Acta Scientific Pharmacology

Research Article Volume 3 Issue 8

The Color Change Observed in the Skin and Nails of COVID-19 Patients Before and After Favipiravir and Hydroxychloroquine Use

Mustafa Tanriverdi1, Nevhiz Gündoğdu2, Fatma Elif Yildırım3, Demet Ari4, Gülşen Özkan Tanriverdi5 and Hülya Çiçek6*

1Department of Infectious Diseases, SANKO University Faculty of Medicine, Gaziantep, Turkey
2Department of Pulmonary Medicine, SANKO University Faculty of Medicine, Gaziantep, Turkey
3Department of Dermatology, SANKO University Faculty of Medicine, Gaziantep, Turkey
4Department of Emergency Medicine, SANKO University Faculty of Medicine, Gaziantep, Turkey
5Department of Anesthesia and Reanimation, Ministry of Health 25 Aralık State Hospital, Gaziantep, Turkey
6Department of Medical Biochemistry, Gaziantep University Faculty of Medicine, Gaziantep, Turkey

*Corresponding Author: Hülya Çiçek, Professor, Department of Medical Biochemistry, Gaziantep University Faculty of Medicine, Gaziantep, Turkey.

Received: June 21, 2022 Published: July 21, 2022


Background: Favipiravir, (6-fluoro-3-hydroxy-2-pyrazine carboxamide) is a broad-spectrum antiviral agent currently used in the treatment of SARS-CoV-2 infection (COVID-19).

Objectives: In this study, we aimed to evaluate the fluorescent staining of the nail surface of the patients who applied to the infectious diseases outpatient clinic of our hospital and were given favipiravir treatment with the diagnosis of COVID-19 by Wood's lamp examination.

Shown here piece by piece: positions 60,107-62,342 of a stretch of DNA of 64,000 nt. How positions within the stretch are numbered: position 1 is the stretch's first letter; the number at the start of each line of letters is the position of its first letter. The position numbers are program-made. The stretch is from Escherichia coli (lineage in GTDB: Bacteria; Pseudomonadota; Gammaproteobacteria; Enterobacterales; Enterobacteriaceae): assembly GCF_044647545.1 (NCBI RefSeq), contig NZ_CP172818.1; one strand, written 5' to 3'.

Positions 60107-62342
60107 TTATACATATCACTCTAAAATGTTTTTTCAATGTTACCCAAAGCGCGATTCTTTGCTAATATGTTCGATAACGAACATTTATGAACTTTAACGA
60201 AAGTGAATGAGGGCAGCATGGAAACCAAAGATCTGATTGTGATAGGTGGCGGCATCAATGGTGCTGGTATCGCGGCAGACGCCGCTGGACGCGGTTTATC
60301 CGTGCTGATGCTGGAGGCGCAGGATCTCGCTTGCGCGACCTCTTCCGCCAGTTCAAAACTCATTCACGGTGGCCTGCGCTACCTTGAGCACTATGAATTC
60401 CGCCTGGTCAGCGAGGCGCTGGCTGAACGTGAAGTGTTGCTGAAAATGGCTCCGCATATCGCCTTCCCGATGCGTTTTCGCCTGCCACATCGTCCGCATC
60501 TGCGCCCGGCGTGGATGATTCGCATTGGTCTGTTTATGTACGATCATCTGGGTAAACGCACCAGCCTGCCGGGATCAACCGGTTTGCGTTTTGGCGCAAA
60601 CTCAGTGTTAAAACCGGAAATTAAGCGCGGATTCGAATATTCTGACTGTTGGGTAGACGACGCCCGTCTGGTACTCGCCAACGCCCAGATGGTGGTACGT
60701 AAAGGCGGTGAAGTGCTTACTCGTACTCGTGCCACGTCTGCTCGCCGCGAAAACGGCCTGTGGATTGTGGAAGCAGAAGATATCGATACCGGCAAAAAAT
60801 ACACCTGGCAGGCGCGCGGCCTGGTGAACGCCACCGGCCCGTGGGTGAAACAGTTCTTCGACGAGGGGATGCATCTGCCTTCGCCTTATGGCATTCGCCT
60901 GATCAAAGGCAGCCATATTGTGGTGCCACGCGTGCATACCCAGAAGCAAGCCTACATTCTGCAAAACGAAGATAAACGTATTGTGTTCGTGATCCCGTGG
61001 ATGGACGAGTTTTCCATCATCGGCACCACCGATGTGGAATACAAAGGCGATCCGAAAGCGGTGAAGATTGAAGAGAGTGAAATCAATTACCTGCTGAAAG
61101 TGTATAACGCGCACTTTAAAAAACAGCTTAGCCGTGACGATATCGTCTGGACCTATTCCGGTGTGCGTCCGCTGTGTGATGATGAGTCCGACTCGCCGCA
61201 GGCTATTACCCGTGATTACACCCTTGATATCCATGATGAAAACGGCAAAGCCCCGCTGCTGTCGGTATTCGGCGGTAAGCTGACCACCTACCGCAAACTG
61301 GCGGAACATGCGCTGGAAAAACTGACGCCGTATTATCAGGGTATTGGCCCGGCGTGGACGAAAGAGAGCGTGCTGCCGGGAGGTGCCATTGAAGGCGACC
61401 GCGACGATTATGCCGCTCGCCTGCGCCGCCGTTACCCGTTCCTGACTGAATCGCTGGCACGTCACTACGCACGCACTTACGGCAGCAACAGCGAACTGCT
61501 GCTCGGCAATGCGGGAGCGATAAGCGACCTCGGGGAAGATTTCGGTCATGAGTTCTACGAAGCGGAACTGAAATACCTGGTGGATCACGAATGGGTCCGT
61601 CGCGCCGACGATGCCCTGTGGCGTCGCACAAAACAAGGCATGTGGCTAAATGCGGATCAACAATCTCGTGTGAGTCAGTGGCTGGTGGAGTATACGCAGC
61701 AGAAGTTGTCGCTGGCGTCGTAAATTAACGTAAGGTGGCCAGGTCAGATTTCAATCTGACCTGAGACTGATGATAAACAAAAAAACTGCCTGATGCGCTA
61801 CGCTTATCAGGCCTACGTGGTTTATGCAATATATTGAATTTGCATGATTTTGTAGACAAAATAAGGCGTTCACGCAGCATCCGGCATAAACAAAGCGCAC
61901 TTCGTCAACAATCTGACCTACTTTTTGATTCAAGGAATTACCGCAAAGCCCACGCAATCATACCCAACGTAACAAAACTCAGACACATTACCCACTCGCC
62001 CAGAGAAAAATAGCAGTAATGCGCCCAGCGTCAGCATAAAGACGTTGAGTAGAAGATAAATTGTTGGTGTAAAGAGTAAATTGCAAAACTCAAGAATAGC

Methods: Patients who applied to SANKO University Private Sani Konukoğlu Hospital Health Research and Application Center COVID-19 outpatient clinic were included in our study. All patients diagnosed with COVID-19 with SARS-CoV-2 PCR positivity by nasopharyngeal aspiration were given favipiravir 2*1600 mg on the first day and then 2*600 mg peroral for 4 days. Nail fluorescent staining status was evaluated again in patients with PCR (+) and healthy control group with PCR (-) at the time of admission and the end of the 1 week. Patients who were found to have staining in the first Woods lamp evaluation had an additional disease related to the nail base, were found to have the nail-related disease by the dermatology clinic, and did not want to participate in the study were excluded from the study.

Results: A total of 90 patients, 48 (53.3%) of whom were male, with a mean age of 52.9±6.5 years, were included in our study. The nail changes were evaluated with Woods light at the first admission of patients (n = 51) and the control group (n = 39). Patients (n = 51) and PCR (-) healthy control group (n = 39) were re-evaluated 1 week later. While nail base color change was detected in 45 (88.3%) of the patients who were given favipiravir, no color change was detected in the control group (n = 39, 100%) and 6 (11.7%) patients (p < 0.001). In our study, no difference was found between the groups with and without nail color change in terms of age, sex distribution, frequency of HT, DM, Asthma, and COPD (p > 0.05). The frequency of CAH was found to be higher in the patient group with nail color change (p < 0.001).

Conclusion: In our study, we found that fluorescent staining under UV light increased significantly in people who used favipiravir tablets. Our current study concluded to support the presence of drug-induced fluorescent staining in hair, skin, and nails, which was detected in other previously published studies.

Keywords: Fluorescence; COVID-19; Favipiravir; Nail; Ultraviolet Light


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Citation: Hülya Çiçek., et al. “The Color Change Observed in the Skin and Nails of COVID-19 Patients Before and After Favipiravir and Hydroxychloroquine Use". Acta Scientific Pharmacology 3.8 (2022): 07-11.


Copyright: © 2022 Hülya Çiçek., et al. This is an open-access article distributed under the terms of the Creative Commons Attribution License, which permits unrestricted use, distribution, and reproduction in any medium, provided the original author and source are credited.


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